How can Africa predict and respond to the next pandemic? How can access to accurate news and research be ensured in all African languages? Can African heritage be digitized to preserve it for future generations? Can AI be used to build a better future for Africa?
Answering these questions requires the very latest computational research methods. But do African researchers have access to the data they need? Does copyright law help or hinder the Right to Research (R2R)?
EIFL is co-organizing a week of debates on copyright and access to knowledge with policymakers, researchers, legal experts and activists from across Africa.
The programme takes place in two cities (in-person and online participation):
- Pretoria: 23-24 January 2023. Venue: Future Africa, University of Pretoria. See the provisional programme.
- Cape Town: 26-27 January 2023 Venue: Law Faculty, University of Cape Town (UCT). See the provisional programme.
In addition to plenary sessions, there are workshops on open licensing of government information, Freedom of Panorama, and Making the Copyright Amendment Bill work in South Africa. Learn to edit Wikipedia at an edit-a-thon!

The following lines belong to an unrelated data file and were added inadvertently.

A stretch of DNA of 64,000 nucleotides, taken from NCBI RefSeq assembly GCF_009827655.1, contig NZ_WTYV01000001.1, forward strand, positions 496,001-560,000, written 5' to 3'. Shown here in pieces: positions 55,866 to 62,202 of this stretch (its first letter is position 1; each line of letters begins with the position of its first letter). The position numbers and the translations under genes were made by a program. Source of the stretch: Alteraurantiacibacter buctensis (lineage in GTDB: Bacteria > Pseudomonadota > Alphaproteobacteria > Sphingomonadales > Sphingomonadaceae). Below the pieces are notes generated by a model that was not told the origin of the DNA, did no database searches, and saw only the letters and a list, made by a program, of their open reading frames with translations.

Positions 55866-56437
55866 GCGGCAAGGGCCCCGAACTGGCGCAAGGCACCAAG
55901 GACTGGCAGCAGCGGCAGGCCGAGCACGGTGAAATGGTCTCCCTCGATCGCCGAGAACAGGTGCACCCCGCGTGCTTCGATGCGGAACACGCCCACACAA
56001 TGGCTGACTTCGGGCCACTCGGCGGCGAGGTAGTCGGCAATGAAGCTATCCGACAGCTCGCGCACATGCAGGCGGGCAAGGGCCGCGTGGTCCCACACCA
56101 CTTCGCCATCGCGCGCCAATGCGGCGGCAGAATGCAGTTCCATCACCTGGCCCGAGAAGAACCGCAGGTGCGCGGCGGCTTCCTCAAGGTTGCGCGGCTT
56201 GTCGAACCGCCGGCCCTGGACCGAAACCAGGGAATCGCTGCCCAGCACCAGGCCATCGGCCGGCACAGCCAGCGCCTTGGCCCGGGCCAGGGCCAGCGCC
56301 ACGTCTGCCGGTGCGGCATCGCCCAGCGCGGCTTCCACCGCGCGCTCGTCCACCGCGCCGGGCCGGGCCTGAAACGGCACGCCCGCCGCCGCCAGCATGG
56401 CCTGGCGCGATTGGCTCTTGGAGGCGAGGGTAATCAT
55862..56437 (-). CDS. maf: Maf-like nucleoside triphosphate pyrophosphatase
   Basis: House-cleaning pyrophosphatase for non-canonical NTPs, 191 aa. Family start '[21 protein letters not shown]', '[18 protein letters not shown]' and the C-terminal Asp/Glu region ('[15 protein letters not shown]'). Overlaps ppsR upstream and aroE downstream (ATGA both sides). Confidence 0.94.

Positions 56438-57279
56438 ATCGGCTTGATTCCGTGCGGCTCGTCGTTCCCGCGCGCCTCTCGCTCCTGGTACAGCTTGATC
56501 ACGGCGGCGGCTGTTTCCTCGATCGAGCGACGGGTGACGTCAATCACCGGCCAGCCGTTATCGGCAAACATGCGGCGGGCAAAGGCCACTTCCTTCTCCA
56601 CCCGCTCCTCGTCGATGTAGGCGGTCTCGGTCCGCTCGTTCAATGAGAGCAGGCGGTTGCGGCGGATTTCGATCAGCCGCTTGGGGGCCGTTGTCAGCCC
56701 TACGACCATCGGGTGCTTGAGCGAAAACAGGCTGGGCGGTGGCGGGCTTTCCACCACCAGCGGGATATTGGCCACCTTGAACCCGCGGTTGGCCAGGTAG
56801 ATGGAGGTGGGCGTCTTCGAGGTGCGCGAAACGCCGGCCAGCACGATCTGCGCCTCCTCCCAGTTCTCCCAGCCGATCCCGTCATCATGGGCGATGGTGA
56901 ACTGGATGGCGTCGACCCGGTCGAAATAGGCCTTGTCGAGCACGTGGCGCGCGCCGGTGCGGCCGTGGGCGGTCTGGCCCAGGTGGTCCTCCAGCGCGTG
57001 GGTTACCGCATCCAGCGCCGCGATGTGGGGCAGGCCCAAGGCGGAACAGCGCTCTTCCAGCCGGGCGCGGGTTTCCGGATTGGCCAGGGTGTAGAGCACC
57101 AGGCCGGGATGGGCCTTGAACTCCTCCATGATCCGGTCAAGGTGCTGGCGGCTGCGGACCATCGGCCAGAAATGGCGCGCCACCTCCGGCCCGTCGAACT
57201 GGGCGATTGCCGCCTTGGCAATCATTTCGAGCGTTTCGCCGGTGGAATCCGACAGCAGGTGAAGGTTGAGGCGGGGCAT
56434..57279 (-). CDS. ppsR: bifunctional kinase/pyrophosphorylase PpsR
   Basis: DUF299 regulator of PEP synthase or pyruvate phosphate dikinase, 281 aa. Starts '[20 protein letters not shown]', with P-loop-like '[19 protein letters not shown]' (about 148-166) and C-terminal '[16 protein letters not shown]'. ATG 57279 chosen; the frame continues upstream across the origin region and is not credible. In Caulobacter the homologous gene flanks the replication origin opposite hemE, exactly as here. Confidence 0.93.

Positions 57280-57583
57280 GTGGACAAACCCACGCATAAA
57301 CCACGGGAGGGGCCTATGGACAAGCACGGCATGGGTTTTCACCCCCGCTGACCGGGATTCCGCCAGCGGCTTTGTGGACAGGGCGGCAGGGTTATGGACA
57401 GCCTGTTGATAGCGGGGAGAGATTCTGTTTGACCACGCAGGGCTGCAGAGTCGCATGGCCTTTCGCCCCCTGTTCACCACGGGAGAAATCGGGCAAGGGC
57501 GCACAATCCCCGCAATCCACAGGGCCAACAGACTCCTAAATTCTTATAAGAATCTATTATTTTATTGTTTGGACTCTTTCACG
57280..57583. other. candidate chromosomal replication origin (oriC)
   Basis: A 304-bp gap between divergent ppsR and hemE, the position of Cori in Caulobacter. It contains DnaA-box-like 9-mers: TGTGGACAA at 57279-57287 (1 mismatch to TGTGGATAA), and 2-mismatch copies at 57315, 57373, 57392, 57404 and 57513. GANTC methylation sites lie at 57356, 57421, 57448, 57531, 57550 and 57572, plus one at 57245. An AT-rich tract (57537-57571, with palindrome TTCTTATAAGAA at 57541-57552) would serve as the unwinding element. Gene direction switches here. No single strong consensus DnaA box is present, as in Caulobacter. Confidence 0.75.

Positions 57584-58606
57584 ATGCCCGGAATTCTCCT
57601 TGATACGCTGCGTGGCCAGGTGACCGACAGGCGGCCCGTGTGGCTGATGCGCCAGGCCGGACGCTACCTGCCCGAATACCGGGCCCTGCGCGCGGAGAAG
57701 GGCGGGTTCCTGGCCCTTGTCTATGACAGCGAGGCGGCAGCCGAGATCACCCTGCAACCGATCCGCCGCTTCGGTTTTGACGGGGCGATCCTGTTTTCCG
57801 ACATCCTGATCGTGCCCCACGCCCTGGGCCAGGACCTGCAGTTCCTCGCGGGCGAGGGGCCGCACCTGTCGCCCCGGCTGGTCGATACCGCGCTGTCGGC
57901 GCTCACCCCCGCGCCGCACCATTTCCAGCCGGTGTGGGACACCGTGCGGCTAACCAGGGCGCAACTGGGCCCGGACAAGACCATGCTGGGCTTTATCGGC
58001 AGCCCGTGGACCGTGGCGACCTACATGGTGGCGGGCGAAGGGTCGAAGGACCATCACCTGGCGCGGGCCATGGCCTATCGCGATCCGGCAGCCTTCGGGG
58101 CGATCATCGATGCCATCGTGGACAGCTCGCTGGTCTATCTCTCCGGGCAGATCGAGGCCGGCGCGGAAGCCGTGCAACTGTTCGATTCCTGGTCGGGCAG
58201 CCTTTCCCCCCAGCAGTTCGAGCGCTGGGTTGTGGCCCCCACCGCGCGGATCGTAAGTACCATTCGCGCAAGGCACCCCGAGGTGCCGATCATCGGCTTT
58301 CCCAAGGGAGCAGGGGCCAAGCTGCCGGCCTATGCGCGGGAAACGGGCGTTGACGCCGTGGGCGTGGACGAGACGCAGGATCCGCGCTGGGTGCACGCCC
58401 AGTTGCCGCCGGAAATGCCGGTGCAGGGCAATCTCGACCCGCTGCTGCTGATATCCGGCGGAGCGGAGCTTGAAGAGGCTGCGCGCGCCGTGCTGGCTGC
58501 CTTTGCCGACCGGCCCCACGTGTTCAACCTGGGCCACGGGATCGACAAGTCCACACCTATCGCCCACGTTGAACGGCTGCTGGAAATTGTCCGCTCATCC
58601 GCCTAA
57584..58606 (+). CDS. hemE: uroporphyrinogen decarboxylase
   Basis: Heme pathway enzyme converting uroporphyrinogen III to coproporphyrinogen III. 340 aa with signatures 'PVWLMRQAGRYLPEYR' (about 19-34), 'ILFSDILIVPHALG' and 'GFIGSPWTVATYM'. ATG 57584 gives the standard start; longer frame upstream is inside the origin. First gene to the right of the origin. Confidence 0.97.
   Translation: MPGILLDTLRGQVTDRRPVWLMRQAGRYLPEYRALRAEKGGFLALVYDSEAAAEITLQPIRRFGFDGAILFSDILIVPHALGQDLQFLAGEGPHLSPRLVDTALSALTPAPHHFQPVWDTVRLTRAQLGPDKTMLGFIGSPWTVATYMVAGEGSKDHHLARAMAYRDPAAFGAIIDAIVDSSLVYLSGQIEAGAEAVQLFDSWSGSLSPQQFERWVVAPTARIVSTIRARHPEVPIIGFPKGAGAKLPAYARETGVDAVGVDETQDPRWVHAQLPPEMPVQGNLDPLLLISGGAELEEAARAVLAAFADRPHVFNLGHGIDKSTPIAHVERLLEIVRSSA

Check out the conference flyer here.
'A Right to Research in Africa?' is facilitated by Black Stripe Foundation. Conference partners include Future Africa, UCT Intellectual Property Unit, Centre for Intellectual Property and Information Technology Law, American University Washington College of Law, South Centre, EIFL, Masakhene, Wikimedia Foundation.
'A Right to Research in Africa?' is part of the international project ‘Contributing to Public Interest Copyright Policy at WIPO: Promoting Access to Knowledge and the Right to Research', supported by Arcadia, a charitable fund of Lisbet Rausing and Peter Baldwin. EIFL is a project partner, coordinating the project’s advocacy efforts in Africa.